Auto product sales were $132 million in the second quarter versus $137 million in Q1. Strong demand internationally was more than offset by weak demand in North America. Diesel product sales were $77 million in the second quarter up 28% versus Q1 sales of $60 million. Heavy-duty diesel sales were up slightly due to retrofit demand in China. Light-duty diesel sales were up significantly due to strong demand in Europe.

Segment net income was $28 million in the second quarter, significant increase over the first quarter net income of $13 million. In comparison, to a year ago, Environmental segment sales increased 9% driven primarily by positive exchange rates and higher diesel sales. Net income doubled.

Turning to telecoms, sales from the second quarter of $477 million, an increase of 13% over Q1. The increase was driven by fiber to the home demand as well as strong fiber volume. Sales in our Fiber and Cable products in the second quarter were $248 million, an increase of 16% sequentially. Sales of hardware and equipment products were $229 million, an increase of 11% sequentially. Fiber to the home sales which are primarily hardware and equipment related were $99 million in the second quarter, a 29% increase compared to Q1.

Second quarter fiber premise sales were driven primarily by strong demand in North America compared to a year ago fiber to the home sales increased 36%. Net income in the telecom segment was $23 million in the second quarter compared to $11 million in the first quarter. Compare to last year, sales increased 11% excluding the sales from the business we divested in April last year. Net income was consistent excluding the $19 million gain we made from the sale of that business last year.

One additional note, our Corning cable systems business has seen significant material cost increases and we’ll be implementing price increases to offset these costs. Sales on our specialty material segment were a $104 million in Q2, an increase of 25% over Q1 sales of $83 million. The increase is due to strong demand for our advanced optics and technical materials products. Compared to a year ago, sales were up 9%.

In our Life Sciences segment, sales from the second quarter were $87 million, a 7% increase over Q1 sales of $81 million and compared to a year ago, sales were up 12%. Segment net income was $16 million, an increase of 60% versus the first quarter of 45% versus last year. Our Life Sciences business also plans to increase prices to offset increases in material costs.

Now turning to Dow Corning, equity earnings were $94 million, an increase of 18% over quarter one equity earnings of $80 million. The higher earnings were primarily driven by strong worldwide demand in base silicon business across all segments. We are pleased to note the general health of the silicon portion of Dow Corning’s business has not been significantly impacted by the economy. Outside, we buy our raw material prices. Dow Corning's been able to partially offset these rising costs with higher pricing in the quarter. For modeling purposes, Dow Corning sales were $1.38 billion in Q2 compared to $1.28 billion in Q1.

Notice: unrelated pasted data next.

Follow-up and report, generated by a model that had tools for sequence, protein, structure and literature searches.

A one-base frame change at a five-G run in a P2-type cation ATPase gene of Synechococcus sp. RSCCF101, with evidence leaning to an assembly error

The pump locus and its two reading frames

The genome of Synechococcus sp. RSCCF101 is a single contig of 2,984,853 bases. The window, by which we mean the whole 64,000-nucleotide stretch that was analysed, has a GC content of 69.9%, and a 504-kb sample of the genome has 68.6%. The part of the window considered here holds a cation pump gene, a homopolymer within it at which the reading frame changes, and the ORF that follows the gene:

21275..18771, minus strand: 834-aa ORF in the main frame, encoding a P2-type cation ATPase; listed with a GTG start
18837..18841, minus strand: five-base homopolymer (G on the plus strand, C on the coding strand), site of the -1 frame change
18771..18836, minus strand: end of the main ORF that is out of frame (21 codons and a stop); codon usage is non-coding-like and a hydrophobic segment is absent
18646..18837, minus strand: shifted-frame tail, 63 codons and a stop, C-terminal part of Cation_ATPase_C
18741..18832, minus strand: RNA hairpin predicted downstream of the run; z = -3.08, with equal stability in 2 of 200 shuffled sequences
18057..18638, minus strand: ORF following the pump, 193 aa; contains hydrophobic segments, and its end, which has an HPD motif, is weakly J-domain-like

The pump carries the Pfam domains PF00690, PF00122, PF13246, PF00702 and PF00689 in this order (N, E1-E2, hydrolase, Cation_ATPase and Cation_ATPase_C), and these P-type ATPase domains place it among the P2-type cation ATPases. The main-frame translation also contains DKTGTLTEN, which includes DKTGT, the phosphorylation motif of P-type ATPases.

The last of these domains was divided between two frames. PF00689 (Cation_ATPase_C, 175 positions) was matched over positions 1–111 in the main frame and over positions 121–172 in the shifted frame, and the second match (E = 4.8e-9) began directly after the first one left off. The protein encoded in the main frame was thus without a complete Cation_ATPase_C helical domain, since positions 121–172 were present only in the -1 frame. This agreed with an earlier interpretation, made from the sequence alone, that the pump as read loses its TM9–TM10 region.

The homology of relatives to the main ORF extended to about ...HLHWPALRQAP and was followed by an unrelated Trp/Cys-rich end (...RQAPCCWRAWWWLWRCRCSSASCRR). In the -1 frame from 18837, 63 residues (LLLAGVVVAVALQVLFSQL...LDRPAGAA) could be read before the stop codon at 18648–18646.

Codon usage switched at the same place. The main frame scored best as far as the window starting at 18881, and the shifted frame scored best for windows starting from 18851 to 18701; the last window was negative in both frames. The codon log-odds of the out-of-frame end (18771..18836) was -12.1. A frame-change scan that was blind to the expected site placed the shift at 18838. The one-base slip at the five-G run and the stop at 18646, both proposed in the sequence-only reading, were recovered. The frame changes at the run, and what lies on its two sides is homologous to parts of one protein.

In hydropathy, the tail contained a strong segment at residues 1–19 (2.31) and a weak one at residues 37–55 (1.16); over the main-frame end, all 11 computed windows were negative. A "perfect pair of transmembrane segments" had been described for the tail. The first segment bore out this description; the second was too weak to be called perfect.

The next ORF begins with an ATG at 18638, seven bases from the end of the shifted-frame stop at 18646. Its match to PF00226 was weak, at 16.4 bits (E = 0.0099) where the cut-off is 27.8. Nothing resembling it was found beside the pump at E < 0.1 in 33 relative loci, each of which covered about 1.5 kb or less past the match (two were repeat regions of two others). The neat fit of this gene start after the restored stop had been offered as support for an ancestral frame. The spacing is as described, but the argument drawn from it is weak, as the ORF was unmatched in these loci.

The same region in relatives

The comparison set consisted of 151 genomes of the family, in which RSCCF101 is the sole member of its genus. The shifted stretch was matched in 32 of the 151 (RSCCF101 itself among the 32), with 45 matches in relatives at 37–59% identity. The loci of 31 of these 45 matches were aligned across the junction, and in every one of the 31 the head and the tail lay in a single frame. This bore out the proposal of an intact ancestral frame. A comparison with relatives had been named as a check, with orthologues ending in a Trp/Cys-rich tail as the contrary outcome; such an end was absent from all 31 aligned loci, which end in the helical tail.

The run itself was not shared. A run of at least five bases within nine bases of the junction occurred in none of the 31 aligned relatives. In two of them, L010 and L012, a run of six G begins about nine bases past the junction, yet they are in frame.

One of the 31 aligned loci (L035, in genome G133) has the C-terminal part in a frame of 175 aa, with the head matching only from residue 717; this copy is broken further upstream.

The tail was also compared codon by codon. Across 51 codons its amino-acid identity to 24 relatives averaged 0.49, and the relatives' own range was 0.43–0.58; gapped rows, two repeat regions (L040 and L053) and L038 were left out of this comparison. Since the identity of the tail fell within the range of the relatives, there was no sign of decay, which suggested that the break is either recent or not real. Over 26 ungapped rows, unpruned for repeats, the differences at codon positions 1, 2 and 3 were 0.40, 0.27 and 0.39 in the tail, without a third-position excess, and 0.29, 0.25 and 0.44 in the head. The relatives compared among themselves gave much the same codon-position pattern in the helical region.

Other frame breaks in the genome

Now let me go to the balance sheet. Moving cash, we ended the quarter with about $3.5 billion in cash and short-term investments up from $3.3 billion last quarter. Free cash flow was $295 million in the second quarter. As always, free cash flow is a non-GAAP measure.

As I mentioned earlier this morning we announced the $1 billion share repurchase program effectively immediately. This is in addition to our previous repurchase program of $500 million of which only a $125 million remains. This decision was based on the strength of our current balance sheet which we believe contains more than enough cash and short-term investments to protect the financial health of the company and our confidence in our future cash flow projections which should allow us the flexibility to fund our significant R&D initiatives and other investments.

We’ve spoken to the rating agencies about the larger repurchase program and they’ve confirmed our new program will not have an impact on our current debt rating level of triple B-plus or BAA1.

Now let me go to the outlook. I’d like to wrap up providing our guidance for the third quarter. We expect third quarter sales to be between $1.65 billion and $1.72 billion. This would represent an increase of 6% to 11% over last year’s Q3 sales of $1.55 billion.

Our third quarter EPS before special items is expected to be between $0.48 to $0.51. This would represent a 26% to 34% increase over last year’s Q3 EPS ex specials at 38%. As a reminder, this is a non-GAAP measure.

Our Q3 guidance is based on a yen-to-dollar exchange rate of 108. Exchange rate in quarter two was 104.6. Investors should note that the sales site Q3 estimate, sales estimate of $1.79 billion an EPS estimate of $0.50 are based on exchange rates between 103 and 105. For those analysts who were using 103, the impact to Q3 is approximately $45 million on sales and $0.03 on EPS. For those analysts who are using 105, the impact is about $30 million on sales and $0.02 on EPS. We would ask all analysts to use 108 in their estimates going forward for Q3 and Q4.